It’s that time of year again in the United States: teens are pounding the pavement looking for summer work. Having a job can be an important part of youth development, but the worst work – the ones on this year’s Five Most Dangerous Teen Jobs – should be avoided in some cases or accepted with caution in others.
Jobs for teens are an important part of youth development, providing both needed income and teaching valuable work skills. According to research, teen jobs increase future earnings and also decrease the likelihood the working teen will drop out.
Since 2000 the percentage of working teens has fallen 40 percent—in part because the federal government has cut back on funding for youth programs and in part because of the global economic recession. Job competition may lead working teens who are desperate for work to seek jobs that are unsafe for them.
The National Consumers League (NCL) provides its annual update of its Five Most Dangerous Jobs for Teens to help teenagers and their parents make safer job choices and to increase awareness of job dangers they may encounter.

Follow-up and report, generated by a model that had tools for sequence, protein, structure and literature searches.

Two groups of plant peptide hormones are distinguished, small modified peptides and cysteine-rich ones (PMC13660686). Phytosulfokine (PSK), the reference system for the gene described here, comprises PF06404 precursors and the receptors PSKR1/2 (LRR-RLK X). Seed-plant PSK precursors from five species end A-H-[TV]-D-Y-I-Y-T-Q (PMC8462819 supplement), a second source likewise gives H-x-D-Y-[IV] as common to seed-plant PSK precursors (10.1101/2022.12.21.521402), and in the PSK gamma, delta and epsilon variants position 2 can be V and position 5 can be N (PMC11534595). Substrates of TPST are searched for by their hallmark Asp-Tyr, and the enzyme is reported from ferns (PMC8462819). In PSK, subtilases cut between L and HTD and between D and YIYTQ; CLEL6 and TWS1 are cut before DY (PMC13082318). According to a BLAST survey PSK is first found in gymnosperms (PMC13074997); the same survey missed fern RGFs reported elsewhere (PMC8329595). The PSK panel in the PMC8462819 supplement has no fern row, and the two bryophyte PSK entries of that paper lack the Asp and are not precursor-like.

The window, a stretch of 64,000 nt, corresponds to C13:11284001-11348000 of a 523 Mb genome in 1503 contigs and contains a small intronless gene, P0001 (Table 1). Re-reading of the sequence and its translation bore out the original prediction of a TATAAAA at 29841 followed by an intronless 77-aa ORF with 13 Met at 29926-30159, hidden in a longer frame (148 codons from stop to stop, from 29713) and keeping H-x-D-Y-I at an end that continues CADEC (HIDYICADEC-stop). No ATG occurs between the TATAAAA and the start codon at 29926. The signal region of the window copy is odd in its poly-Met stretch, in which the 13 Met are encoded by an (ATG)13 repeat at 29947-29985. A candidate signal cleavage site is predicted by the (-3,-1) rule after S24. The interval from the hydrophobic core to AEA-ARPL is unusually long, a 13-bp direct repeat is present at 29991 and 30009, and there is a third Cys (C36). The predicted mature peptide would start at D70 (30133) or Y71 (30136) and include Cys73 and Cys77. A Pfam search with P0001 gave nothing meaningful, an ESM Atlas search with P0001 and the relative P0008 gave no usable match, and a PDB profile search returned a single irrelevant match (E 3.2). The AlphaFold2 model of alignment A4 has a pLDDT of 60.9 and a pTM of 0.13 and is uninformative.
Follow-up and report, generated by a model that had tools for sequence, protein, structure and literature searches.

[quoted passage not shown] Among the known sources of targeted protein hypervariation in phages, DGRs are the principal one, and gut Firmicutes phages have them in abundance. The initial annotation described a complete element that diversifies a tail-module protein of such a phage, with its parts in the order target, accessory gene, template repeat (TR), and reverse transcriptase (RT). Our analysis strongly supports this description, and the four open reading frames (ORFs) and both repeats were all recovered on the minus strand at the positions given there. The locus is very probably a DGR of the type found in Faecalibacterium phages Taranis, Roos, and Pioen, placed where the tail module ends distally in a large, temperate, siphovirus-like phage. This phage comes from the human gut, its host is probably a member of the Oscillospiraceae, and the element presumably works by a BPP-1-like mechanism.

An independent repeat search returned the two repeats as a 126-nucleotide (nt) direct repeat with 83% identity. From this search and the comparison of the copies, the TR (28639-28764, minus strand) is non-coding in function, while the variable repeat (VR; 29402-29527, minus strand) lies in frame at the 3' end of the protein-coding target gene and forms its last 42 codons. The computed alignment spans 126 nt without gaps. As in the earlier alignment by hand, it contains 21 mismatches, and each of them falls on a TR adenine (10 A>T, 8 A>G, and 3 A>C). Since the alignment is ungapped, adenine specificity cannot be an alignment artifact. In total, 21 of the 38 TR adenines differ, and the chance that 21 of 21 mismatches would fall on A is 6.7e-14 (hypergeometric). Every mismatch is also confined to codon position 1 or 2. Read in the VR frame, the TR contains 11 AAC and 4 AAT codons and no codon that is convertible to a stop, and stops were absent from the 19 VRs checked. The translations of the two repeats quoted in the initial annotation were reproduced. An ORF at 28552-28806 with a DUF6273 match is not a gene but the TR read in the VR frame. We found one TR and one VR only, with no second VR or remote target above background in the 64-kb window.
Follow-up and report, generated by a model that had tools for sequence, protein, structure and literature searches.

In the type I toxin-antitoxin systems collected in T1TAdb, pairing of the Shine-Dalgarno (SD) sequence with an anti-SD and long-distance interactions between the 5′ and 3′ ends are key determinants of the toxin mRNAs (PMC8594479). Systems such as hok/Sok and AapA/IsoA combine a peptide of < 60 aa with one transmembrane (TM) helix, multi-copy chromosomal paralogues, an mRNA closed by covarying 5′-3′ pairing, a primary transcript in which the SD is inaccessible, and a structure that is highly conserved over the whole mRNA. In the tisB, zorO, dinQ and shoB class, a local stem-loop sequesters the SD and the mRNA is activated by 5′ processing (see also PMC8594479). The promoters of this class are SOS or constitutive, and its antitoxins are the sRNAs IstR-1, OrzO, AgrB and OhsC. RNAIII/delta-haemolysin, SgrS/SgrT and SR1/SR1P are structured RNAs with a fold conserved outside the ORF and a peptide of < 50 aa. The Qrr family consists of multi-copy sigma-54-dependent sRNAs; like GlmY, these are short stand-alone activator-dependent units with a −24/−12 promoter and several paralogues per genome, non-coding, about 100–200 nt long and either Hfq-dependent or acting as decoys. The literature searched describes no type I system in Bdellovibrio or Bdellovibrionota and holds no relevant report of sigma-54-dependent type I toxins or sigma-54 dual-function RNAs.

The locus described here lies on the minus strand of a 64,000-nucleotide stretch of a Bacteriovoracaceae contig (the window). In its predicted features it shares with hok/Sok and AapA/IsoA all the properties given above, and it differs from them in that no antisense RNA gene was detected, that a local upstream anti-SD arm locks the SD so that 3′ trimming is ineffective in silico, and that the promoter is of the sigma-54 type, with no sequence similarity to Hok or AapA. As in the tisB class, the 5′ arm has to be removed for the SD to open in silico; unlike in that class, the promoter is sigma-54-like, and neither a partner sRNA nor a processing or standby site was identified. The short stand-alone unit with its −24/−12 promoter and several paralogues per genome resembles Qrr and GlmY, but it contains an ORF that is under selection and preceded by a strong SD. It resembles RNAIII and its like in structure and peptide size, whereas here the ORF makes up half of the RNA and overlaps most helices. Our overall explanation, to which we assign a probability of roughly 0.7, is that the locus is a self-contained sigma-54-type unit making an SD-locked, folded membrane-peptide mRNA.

NCL is also concerned that some states a few states weakened child protections in 2011, and the federal government withdrew proposed rules that would have made work for teens in agriculture much safer.
Each day in America, 12 to 13 workers of all ages die and some of the victims are youth workers. In 2010, 34 workers under 18 died in the workplace—nearly half of those workers (16) were under 16 years old. In the 18 to 19 age group, another 56 workers died.
The National Institute for Occupational Safety and Health (NIOSH) estimates that each year about 146,000 youth sustain work-related injuries. That translates to 400 young workers injured on the job every day.
NCL’s Five Most Dangerous Jobs for Teens in 2012: (full report appears at the end of this article)
- Agriculture: Harvesting Crops and Using Machinery
- Construction and Height Work
- Traveling Youth Sales Crews
- Outside Helper: Landscaping, Groundskeeping, and Lawn Service
- Driver/Operator: Forklifts, Tractors, and ATV’s